According to the 2018 edition of NFPA 70E, the definition of electrical safety is “identifying hazards associated with the use of electrical energy and taking precautions to reduce the risk associated with those hazards.”
Each May, we observe National Electrical Safety Month, which was established by the Electrical Safety Foundation International (ESFI). It is an annual campaign to promote electrical safety by raising awareness about electrical hazards. The goal is to educate people about the steps they can take to reduce the number of electrically related fires, property loss, injuries and fatalities. It is up to all of us to promote electrical safety. Talk with your family and friends about electrical safety at home and with your clients and customers at work. Spread the word, and raise the awareness—it’s working!
Raising awareness is key to reducing injuries and fatalities. In the early to mid-1990s, most people were unaware of NFPA 70E, and many companies as well as workers had very lax electrical safety programs. I recall people reaching into energized electrical equipment bare-handed to perform a task with no PPE or thought for safety.
However, over the past two decades, NFPA 70E has gained traction and is at the forefront of electrical safety. This traction—coupled with other codes and standards, increased awareness, better electrical safety practices, worker training and emphasis on minimizing or eliminating energized work—has driven down the number of electrical injuries and fatalities.
Fatal electrical injuries—down
To illustrate how much progress has been made, let’s examine a few statistics based on the U.S. Bureau of Labor Statistics (BLS), which are published in both NFPA 70E Annex K and by the ESFI. The Annex K data show the number of fatal workplace electrical injuries has fallen from 335 in 1992 to 139 in 2013. Additional BLS data from the ESFI show this number fell further to 134 electrical fatalities in 2015.
Although the overall trend is downward, more recent BLS data from 2016 show the number of fatalities jumped to 154. Hopefully, this 15 percent increase is just one of the bumps that have occurred along the downward trend over two decades of data.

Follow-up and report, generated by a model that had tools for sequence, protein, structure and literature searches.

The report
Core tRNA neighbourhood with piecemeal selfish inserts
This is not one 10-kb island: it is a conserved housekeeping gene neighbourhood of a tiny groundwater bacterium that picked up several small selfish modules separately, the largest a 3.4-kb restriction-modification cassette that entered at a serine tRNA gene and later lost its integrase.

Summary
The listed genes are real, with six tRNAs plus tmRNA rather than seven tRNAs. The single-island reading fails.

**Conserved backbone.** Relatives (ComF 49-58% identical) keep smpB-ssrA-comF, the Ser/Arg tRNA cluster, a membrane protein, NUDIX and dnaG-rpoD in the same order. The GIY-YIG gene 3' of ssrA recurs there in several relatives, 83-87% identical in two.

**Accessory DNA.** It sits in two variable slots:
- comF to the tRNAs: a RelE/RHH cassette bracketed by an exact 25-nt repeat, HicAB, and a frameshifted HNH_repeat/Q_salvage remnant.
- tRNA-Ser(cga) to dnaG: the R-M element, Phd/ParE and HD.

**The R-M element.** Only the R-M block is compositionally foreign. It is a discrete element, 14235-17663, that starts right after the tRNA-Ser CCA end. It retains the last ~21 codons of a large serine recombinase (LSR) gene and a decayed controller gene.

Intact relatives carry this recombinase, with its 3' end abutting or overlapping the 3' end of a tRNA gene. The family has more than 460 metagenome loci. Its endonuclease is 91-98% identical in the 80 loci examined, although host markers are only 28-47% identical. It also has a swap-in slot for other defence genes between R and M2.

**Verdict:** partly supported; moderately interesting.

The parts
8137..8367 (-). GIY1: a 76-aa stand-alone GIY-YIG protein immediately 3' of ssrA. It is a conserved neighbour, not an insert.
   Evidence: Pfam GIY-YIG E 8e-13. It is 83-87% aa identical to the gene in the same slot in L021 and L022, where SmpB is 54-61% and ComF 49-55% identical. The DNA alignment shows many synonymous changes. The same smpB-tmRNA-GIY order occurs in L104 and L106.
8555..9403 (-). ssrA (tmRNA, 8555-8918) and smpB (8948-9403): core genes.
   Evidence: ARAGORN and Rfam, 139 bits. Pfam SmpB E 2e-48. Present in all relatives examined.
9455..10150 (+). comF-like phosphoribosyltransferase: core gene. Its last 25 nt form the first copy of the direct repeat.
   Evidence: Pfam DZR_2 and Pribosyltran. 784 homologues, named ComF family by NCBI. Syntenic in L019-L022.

Nonfatal electrical injuries—down
The trend has also seen a decrease in nonfatal electrical injuries. These are classified as requiring days away from work. In 1992, the BLS data show there were 4,806 nonfatal electrical injuries, but the most recent data from 2016 show this number has seen a dramatic decrease to 1,640! The year 2015 saw a bump to 2,480; however, the overall downward trend continued.
The good news is both fatal and nonfatal electrical injuries have dramatically decreased. The bad news is this isn’t time for a victory dance because there still are too many injuries and fatalities from electrical hazards.
The ESFI has published some interesting details regarding the 2016 BLS data. Although an electrical arc flash can be a deadly or debilitating hazard, electrocution remains the major cause of electrical fatalities. Exposure to electric current is No. 6 on the list of causes leading to fatal on-the-job injury.
When it comes to the question of which industry sector has the greatest number of fatal electrical injuries, the construction industry takes the lead with 53 percent based on 2016 data. This is an improvement from 2015 when it was at 60 percent. Number two on the list of the most fatal electrical injuries goes to professional and business services.
One worker dies for every 12.47 electrical injuries, making this one of the most frightening statistics that comes from NFPA 70E Annex K. It is based on data from 2003 through 2009 that shows, of 20,033 electrical injuries, 1,573 resulted in fatalities. This emphasizes just how unforgiving the hazards associated with electricity can be.
Residential electrical fires—down
In 1980, it was estimated that there were 75,000 home structure fires attributed to electrical causes in the United States. Data from 2014 estimate this number fell to 48,100 for a 36 percent decrease. According to a 2017 NFPA document, U.S. fire departments responded to an estimated annual average of 45,210 reported U.S. home structure fires involving electrical failure or malfunction, based on the most recent data from 2010–2014.
Here is one final fact you might not know: there also is an Electrical Safety Day. Although there is no officially designated day, it does exist—it is today! And tomorrow, and everyday—on the job, at home, everywhere.